Of course all life is a process of breaking down, but the blows that do the dramatic side of the work-the big sudden blows that come, or seem to come, from outside-the ones you remember and blame things on and, in moments of weakness, tell your friends about, don’t show their effect all at once. There is another sort of blow that comes from within-that you don’t feel until it’s too late to do anything about it, until you realize with finality that in some regard you will never be as good a man again.


In 54 AD the Roman Emperor Claudius died an excruciating death after suffering for twelve hours from poison slipped into his food by Agrippina, his fourth wife (who was also his niece – the mother of that sweet boy Nero). The ongoing soap opera that was ancient Rome has been rich fodder for literature, including the popular I, Claudius by Robert Graves. Even today, anytime someone is brought down by disaster, that person’s demise becomes the crowd’s entertainment.  Just watch the nightly news and your blood lust can be satisfied by everything from horrific car wrecks to global war.  Let’s hear from that person whose house just burned down!

It’s all entertainment until it happens to you.

The sad irony is that we are all fractured by life sooner or later. Some people flame out epically like a Roman emperor, but most people suffer quietly from the disappointments and loss that are inevitable to all of us.  If there is an upside to this universal frailty, it is in our overwhelming need to love each other.  This truth is so powerful, it was the single thing Jesus called out as the earmark of His followers. He said the world will know we are His by the love we have for each other.

Be kind today

IMG_0181John 13:34-35

A new command I give you: Love one another.
As I have loved you, so you must love one another.
By this everyone will know that you are my disciples, if you love one another.

 

D I G  D E E P E R


Literature & Liturgy: Man of Sorrows

כָּאַב (kāʾab). vb. to be in pain, cause pain. Refers to being in a state of physical or mental pain or anguish.

This verb occurs several times along with its related noun, (כְּאֵב, kĕʾēb), to denote physical pain (e.g., Gen 34:25; Job 14:22) or mental anguish (e.g., Psa 69:29). The pain associated with the term often results from disappointment or disaster.

The notion of mental anguish is captured in Prov 14:13—“Even in laughter the heart may be in pain (יִכְאַב, yikʾab).” The related noun מַכְאוֹב (makʾôb) represents a more intense term for pain and suffering. When Israel suffers in slavery in Egypt, God sees their sufferings (מַכְאֹבָי, makʾōbāy; Exod 3:7). Job is racked with pain (מַכְאוֹב, makʾôb) on his bed (Job 33:19). This is the term used of the Suffering Servant of Yahweh to describe him as a “man of sorrows” who also bears “our sorrows” (Isa 53:3–4).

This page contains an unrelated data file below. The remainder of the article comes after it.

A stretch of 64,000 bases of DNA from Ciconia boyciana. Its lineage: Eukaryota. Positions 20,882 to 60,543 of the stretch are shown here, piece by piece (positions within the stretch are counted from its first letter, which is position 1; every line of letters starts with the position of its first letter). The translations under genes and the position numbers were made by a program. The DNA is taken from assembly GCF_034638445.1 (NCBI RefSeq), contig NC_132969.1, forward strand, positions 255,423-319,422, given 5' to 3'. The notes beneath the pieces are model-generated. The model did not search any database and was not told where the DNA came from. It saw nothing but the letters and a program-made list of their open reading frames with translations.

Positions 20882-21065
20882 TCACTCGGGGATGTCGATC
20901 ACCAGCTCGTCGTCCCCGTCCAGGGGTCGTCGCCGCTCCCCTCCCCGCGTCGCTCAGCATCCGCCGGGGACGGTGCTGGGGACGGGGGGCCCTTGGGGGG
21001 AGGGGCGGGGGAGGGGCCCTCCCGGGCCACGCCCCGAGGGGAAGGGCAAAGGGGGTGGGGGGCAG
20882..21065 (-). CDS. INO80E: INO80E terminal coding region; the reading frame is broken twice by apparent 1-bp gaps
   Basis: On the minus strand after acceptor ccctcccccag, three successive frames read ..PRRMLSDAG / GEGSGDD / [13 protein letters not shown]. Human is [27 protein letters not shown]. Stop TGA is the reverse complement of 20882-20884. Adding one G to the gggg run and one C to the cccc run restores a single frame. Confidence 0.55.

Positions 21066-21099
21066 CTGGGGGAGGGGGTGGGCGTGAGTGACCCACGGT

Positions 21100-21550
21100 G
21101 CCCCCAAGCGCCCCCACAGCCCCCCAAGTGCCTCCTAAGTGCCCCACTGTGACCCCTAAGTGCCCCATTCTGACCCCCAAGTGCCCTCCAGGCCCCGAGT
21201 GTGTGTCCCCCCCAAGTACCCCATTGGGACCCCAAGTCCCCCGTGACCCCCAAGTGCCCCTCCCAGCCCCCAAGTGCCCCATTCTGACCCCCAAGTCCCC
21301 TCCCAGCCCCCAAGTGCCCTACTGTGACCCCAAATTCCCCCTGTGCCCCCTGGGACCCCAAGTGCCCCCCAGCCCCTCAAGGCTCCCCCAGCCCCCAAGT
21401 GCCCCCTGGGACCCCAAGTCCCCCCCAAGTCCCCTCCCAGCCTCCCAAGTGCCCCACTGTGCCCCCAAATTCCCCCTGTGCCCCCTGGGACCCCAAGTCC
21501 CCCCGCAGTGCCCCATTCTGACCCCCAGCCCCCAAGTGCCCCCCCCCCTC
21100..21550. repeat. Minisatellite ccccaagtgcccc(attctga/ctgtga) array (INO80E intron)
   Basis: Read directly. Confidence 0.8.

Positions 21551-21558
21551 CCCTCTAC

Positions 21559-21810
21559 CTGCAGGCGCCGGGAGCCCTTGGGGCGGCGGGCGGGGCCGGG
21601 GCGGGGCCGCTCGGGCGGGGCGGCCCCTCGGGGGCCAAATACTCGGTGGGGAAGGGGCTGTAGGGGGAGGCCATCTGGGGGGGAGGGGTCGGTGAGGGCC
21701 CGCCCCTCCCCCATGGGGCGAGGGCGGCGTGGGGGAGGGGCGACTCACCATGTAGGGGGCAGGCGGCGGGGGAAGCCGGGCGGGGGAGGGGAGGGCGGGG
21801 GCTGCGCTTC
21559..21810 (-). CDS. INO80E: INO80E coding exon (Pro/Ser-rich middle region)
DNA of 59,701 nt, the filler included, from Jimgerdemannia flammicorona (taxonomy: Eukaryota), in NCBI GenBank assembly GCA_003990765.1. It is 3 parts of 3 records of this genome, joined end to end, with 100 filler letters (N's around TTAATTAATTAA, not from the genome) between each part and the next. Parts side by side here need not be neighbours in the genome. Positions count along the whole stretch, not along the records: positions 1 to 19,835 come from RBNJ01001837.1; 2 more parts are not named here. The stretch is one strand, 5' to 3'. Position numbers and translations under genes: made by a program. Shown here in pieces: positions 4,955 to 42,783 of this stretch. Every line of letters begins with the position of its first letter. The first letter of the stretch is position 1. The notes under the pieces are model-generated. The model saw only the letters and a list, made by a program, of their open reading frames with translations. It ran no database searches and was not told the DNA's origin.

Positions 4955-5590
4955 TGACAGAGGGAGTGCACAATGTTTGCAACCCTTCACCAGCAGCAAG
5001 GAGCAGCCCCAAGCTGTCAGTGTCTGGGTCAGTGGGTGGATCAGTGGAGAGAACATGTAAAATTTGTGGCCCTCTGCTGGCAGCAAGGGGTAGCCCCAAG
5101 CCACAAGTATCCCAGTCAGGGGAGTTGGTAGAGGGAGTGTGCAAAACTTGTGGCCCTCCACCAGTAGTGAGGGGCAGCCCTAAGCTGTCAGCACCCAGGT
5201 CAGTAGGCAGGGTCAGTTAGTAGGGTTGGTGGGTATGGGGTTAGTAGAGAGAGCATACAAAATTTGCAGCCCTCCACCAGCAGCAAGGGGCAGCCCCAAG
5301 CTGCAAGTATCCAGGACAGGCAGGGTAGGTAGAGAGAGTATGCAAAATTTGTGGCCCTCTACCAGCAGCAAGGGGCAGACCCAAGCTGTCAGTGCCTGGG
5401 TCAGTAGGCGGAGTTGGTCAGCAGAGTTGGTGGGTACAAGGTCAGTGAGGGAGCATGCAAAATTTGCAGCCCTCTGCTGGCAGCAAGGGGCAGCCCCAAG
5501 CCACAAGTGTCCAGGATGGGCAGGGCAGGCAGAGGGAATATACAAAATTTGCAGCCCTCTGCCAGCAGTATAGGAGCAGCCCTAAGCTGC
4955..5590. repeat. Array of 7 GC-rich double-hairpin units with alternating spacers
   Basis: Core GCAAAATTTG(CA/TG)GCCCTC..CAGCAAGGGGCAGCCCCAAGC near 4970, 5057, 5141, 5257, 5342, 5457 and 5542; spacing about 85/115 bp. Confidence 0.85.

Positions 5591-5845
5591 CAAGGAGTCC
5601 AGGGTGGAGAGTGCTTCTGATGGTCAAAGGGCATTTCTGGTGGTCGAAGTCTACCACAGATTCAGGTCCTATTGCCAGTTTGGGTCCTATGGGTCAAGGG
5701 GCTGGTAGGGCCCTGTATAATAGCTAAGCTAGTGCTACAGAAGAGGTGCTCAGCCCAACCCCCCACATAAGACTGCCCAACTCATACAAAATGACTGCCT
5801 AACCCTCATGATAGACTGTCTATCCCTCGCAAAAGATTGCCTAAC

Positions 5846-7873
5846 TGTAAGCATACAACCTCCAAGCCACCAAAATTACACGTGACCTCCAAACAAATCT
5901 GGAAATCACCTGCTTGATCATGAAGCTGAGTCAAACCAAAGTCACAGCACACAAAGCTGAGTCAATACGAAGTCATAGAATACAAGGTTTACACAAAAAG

“He is despised and rejected by men, A Man of sorrows and acquainted with grief. And we hid, as it were, our faces from Him; He was despised, and we did not esteem Him. Surely He has borne our griefs And carried our sorrows; Yet we esteemed Him stricken, Smitten by God, and afflicted.” (Isaiah 53:3–4, NKJV)

The “man of sorrows” of Isa. 53:5 is Jesus Christ. Christ himself understood his mission in the light of the servant’s atonement through suffering and patient endurance, and the early Church reinforced the connection. The description of the Passion and death of Jesus recorded in all four Gospels is colored by references to the “servant songs” (e.g., Matt. 8:17; Mark 15:28; John 19:9).

In his sermon of 1 July 1627 John Donne refers to Christ as the type of all sorrow: “who fulfil’d in himselfe alone, all Types, and Images, and Prophecies of sorrowes, who was, (as the Prophet calls him) Vir dolorum, a man compos’d, and elemented of sorrowes.” In another sermon (25 Aug. 1622) Donne asks that he himself be allowed to “be vir dolorum, a man of affliction, a vessell baked in that furnace, fitted by God’s proportion, and dosis of his corrections, to make a right use of his corrections.” In “Palm Sunday,” Henry Vaughan writes of “the man of sorrow / Weeping still, like the wet morrow,” who “comes to borrow” the “shades and freshness” of palm branches on his entrance into Jerusalem.

Melville takes quite a different approach when referring to the suffering servant in Moby-Dick: Ishmael suggests “that mortal man who hath more of joy than sorrow in him, that mortal man cannot be true—not true, or undeveloped. … The truest of all men was the Man of Sorrows.” Yeats’s “The Sad Shepherd” contains echoes of, if not direct references to, the man of sorrows in its description of “a man whom Sorrow named his friend” and who, because he was not listened to, could not be rid of the “ancient burden” of his “heavy story.” Joyce, in A Portrait of the Artist as a Young Man (chap. 3), makes more traditional use of the image, as Stephen considers the contrast between the humiliation of the first advent and the glory of the Second Coming.

Other echoes from the “servant songs” occur in a variety of English texts. Wordsworth, in “Maternal Grief,” speaks of a small boy whose twin sister has died as suddenly “acquainted with distress and grief ” (Isa. 53:3). In his “Stanzas to Augusta [B]” Byron echoes the same passage: “Thy soul with my grief was acquainted. …” Perhaps the most influential use of the man of sorrows motif, however, is Handel’s magnificent setting of the final servant song in his Messiah.

Sources & Resources

Emmet, C. W. “Sorrow, Man of Sorrows.” In A Dictionary of Christ and the Gospels. Ed. J. Hastings (1908), 2.665-68;

McKenzie, J. L., ed. Second Isaiah. AB 20 (1968);

North, C. R. The Suffering Servant in Deutero-Isaiah (1956);

Smalley, B. The Study of the Bible in the Middle Ages (1952; rpt. 1964).

David L. Jeffrey, A Dictionary of Biblical Tradition in English Literature (Grand Rapids, MI: W.B. Eerdmans, 1992).

Hill, Craig, “Suffering,” ed. Douglas Mangum et al., Lexham Theological Wordbook, Lexha

Art: On Air by Josephine R. Unglaubm

Bible Reference Series (Bellingham, WA: Lexham Press, 2014).